BOE Seen Voting 9-0 to Hold Rates Before Pivot to May Hike
(Bloomberg) -- Bank of England policy makers will vote unanimously to hold fire this week, but that won’t stop them from increasing interest rates in May, according to economists surveyed by Bloomberg.
The Monetary Policy Committee, setting out their latest decision on Thursday at noon, will vote 9-0 to keep the benchmark rate at 0.5 percent, most economists said. Some expect a few hawkish dissenting votes, though data published Tuesday showing the inflation rate fell more than expected last month may stay officials’ hands.
The percentage of economists predicting a rate increase in May climbed to 54 percent, the latest survey showed. With a move in two months seen as a shoe-in by investors, BOE Governor Mark Carney is unlikely to veer from previous guidance that rates may need to rise at a steeper pace than previously thought to prevent the Brexit-hit economy from overheating. That’s in contrast to the last hike in November, when officials went out of their way to signal an imminent move.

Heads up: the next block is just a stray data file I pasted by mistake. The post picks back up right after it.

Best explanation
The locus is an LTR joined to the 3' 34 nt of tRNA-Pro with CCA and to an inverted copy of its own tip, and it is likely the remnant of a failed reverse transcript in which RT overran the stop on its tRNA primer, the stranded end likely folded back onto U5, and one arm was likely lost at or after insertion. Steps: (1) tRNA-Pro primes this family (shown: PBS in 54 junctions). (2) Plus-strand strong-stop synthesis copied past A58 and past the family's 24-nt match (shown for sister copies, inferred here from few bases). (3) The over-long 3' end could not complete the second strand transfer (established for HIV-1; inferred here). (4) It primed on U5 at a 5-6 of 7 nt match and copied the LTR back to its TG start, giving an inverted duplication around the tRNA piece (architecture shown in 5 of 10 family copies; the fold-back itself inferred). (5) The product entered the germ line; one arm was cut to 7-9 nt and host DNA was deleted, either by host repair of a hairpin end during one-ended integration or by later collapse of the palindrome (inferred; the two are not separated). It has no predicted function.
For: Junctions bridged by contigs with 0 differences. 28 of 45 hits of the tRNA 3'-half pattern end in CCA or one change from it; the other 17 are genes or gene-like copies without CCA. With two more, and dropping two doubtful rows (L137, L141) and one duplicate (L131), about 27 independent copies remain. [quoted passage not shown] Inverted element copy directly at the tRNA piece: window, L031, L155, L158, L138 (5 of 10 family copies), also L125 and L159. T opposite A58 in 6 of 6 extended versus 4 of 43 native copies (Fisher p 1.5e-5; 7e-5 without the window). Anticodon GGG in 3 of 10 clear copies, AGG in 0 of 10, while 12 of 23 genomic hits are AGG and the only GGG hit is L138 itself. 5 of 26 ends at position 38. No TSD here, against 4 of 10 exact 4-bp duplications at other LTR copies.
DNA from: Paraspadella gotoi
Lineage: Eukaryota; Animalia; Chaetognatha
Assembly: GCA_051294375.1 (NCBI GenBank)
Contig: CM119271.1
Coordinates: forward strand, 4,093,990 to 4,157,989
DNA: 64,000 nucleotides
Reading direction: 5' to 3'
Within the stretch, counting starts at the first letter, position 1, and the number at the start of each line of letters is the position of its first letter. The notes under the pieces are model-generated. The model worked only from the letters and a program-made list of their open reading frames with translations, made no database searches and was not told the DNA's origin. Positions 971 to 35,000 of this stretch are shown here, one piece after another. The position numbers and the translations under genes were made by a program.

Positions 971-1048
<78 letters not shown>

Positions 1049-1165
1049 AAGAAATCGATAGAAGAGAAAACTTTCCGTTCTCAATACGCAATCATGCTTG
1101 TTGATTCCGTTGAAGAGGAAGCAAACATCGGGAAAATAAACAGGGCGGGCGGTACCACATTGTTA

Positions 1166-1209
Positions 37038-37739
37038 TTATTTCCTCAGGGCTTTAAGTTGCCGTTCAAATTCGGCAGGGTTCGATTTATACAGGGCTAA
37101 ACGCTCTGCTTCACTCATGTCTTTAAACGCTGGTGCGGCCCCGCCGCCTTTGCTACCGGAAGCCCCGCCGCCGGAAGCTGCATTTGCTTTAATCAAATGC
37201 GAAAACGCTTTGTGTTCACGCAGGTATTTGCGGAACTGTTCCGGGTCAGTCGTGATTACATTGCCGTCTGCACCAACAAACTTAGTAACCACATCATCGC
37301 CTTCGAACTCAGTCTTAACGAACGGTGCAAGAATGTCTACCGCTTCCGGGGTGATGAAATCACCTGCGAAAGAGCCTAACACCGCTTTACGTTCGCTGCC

“The MPC will be keen to at the very least preserve, and possibly raise, market pricing for interest-rate rises,” said George Buckley, an economist at Nomura. “We doubt the bank will need to go as far as it did in September, when it felt forced to ‘hand-hold’ the market through a November rate rise.”
Last year a majority of economists didn’t foresee the rate increase until a month before the decision, well after markets had priced it in.
That was the first BOE interest-rate increase in over a decade after inflation accelerated beyond the 2 percent target and output held up better than officials expected in the wake of Britain’s decision to leave the European Union. Investors assign a more than 80 percent probability of a rate increase by May this year, according to money-market data.
The BOE’s decision is taking place amid a flurry of U.K. economic data this week, including labor market and retail sales reports. Inflation figures published Tuesday showed consumer price growth slowed to 2.7 percent in February from 3 percent, as the impact of a weaker currency faded. That still doesn’t take the prospect of gradual rate increases off the table, according to Bloomberg economist Dan Hanson.
There may also be some cheery news on Brexit, which the BOE said last month remains the most significant source of uncertainty over the outlook. On Monday, negotiators reached an agreement for a 21-month transition period that will start when Britain formally leaves the bloc in March next year.
©2018 Bloomberg L.P.